There are a lot of people at this time of year booking or preparing to leave on high altitude charity treks. I therefore thought it prudent to write about high altitude treks and altitude illness.
There has been so much written about altitude illness and so many resources on the internet that I would like to write from a different perspective than that of the signs and symptoms of AMS (Acute Mountain Sickness), HAPE (High Altitude Pulmonary Edema) or HACE (High Altitude Cerebral Edema).
I have a really cheesy saying that it is not about altitude but attitude and that a lot of people who really struggle at altitude on charity treks are suffering from attitude illness, rather than any altitude sickness. Don’t get me wrong, altitude sickness is real and can be very debilitating and deadly. The issue is that all of us at some point will get some form of altitude sickness at altitude whether that be a mild headache and breathlessness or full on vomiting and killer migraine. It is how we deal with this that really matters. If anyone gets HAPE or HACE, there is no option but to go down as these conditions can be fatal and there should be no question of ascending. However, most of us will get some form of AMS but this does not mean that we necessarily need to descend.
Trekking at high altitude can be tough and we need to have the right attitude before embarking upon the trek. You need to expect to feel some symptoms of AMS and realise that this will happen, that it is a normal reaction of the body to acclimatising to the altitude and that you just have to walk through it or with it. That is what I mean about attitude. It is how you deal with the headaches, not really whether you get them or not. There will be days when you do not sleep so well and get out of your tent feeling rather under the weather; there will also be days when you feel great. Your attitude to being in a stunning place raising money for an amazing cause is the focus and your attitude should be strong enough to deal with both sets of days. There are of course certain drugs that may help alleviate some of the symptoms such as analgesia etc but you should still expect to have a headache and accept that this is the norm. If you trek to high altitude without any AMS, then that is a bonus but don’t shout too loudly about it to the others on your trek as they may not be crazily happy for you whilst suffering a huge headache and feeling nauseous!!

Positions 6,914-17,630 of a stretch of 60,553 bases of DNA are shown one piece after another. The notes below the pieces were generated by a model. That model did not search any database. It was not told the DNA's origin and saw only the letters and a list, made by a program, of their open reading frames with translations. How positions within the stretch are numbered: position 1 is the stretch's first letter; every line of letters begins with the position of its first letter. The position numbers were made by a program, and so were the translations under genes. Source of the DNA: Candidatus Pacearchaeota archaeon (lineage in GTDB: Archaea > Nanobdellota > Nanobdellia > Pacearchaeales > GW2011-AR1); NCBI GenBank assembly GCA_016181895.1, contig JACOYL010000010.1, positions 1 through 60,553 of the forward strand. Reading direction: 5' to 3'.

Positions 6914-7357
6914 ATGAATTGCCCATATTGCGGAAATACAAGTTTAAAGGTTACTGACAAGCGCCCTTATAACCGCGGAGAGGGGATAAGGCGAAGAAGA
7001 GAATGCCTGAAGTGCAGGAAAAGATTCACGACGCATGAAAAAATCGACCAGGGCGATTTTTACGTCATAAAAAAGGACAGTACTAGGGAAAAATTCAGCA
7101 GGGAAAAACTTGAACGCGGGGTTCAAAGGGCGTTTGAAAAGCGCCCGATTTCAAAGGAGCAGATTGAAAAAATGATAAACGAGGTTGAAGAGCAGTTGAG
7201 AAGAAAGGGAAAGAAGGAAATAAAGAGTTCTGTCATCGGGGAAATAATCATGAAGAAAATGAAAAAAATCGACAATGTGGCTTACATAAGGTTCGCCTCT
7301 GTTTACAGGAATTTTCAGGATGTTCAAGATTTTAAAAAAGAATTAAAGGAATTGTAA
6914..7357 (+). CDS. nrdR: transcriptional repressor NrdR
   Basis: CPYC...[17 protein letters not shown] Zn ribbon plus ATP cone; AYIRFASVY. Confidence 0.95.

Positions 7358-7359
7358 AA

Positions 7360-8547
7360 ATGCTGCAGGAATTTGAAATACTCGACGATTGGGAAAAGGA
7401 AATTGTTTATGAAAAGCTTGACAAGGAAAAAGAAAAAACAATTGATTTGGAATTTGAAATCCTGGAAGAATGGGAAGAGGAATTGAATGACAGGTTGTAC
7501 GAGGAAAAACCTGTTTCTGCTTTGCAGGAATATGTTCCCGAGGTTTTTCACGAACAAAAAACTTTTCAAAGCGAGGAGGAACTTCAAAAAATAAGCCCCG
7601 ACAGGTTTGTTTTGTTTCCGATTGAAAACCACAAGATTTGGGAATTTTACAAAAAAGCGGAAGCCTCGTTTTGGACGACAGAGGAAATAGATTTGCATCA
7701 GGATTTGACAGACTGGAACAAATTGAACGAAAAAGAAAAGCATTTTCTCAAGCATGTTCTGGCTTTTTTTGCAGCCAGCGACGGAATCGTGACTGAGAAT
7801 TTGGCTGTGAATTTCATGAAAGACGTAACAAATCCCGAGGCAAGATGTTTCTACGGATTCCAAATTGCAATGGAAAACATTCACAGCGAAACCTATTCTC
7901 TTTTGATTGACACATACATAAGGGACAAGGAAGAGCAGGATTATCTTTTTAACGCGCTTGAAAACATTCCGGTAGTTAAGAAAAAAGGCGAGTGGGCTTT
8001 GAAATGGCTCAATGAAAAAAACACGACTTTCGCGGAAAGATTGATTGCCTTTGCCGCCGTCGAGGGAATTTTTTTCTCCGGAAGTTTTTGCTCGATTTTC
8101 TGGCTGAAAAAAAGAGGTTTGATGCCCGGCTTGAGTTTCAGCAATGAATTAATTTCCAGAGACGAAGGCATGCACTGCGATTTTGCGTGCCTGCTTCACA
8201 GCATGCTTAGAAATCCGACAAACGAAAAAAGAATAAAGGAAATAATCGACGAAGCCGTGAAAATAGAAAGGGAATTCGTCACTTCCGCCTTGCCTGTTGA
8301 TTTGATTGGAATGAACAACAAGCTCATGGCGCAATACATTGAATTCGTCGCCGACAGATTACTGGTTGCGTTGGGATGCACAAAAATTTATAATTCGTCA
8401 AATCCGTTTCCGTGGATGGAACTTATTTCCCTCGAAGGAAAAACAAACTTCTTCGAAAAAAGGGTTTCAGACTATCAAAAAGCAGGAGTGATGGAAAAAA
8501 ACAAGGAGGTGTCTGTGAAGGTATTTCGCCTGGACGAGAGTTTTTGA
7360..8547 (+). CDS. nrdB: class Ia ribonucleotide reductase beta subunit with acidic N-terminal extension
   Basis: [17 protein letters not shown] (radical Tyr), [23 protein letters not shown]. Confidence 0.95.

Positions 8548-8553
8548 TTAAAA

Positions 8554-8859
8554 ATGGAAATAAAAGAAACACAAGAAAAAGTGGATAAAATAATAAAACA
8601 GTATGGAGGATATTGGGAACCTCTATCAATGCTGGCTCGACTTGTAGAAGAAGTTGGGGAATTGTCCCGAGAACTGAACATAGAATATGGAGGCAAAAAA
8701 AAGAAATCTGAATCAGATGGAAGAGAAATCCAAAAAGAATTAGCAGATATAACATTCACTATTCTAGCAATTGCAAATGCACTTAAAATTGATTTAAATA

Let me illustrate what I mean about attitude: There is a small hill near to where I live that is very steep in places, so steep in fact that if you run up it, it feels as though you are running on the spot. Before going on a high altitude trek, I use this hill for training. I know that I am just fit enough to jog up the short hill but it is the fact that at some points, it would be quicker to stride out in a walk rather than run that is a test for me. I have to pass the test and run all the way to the top without stopping to show that I will not give up even though it is crazy hard at certain points. It is all about mental attitude and what I am prepared to do to get to the top. I therefore use this small hill for mental training as well as helping me physically get fitter. Altitude for me therefore is all about attitude, not necessarily about fitness or the altitude itself.
We run training weekends for those attending high altitude charity treks. We of course cannot prepare people physically in one weekend for the trek but we do hope to prepare people mentally which I think is even more important.
I hope that this makes some sense and helps any of you intending on trekking to altitude in the future.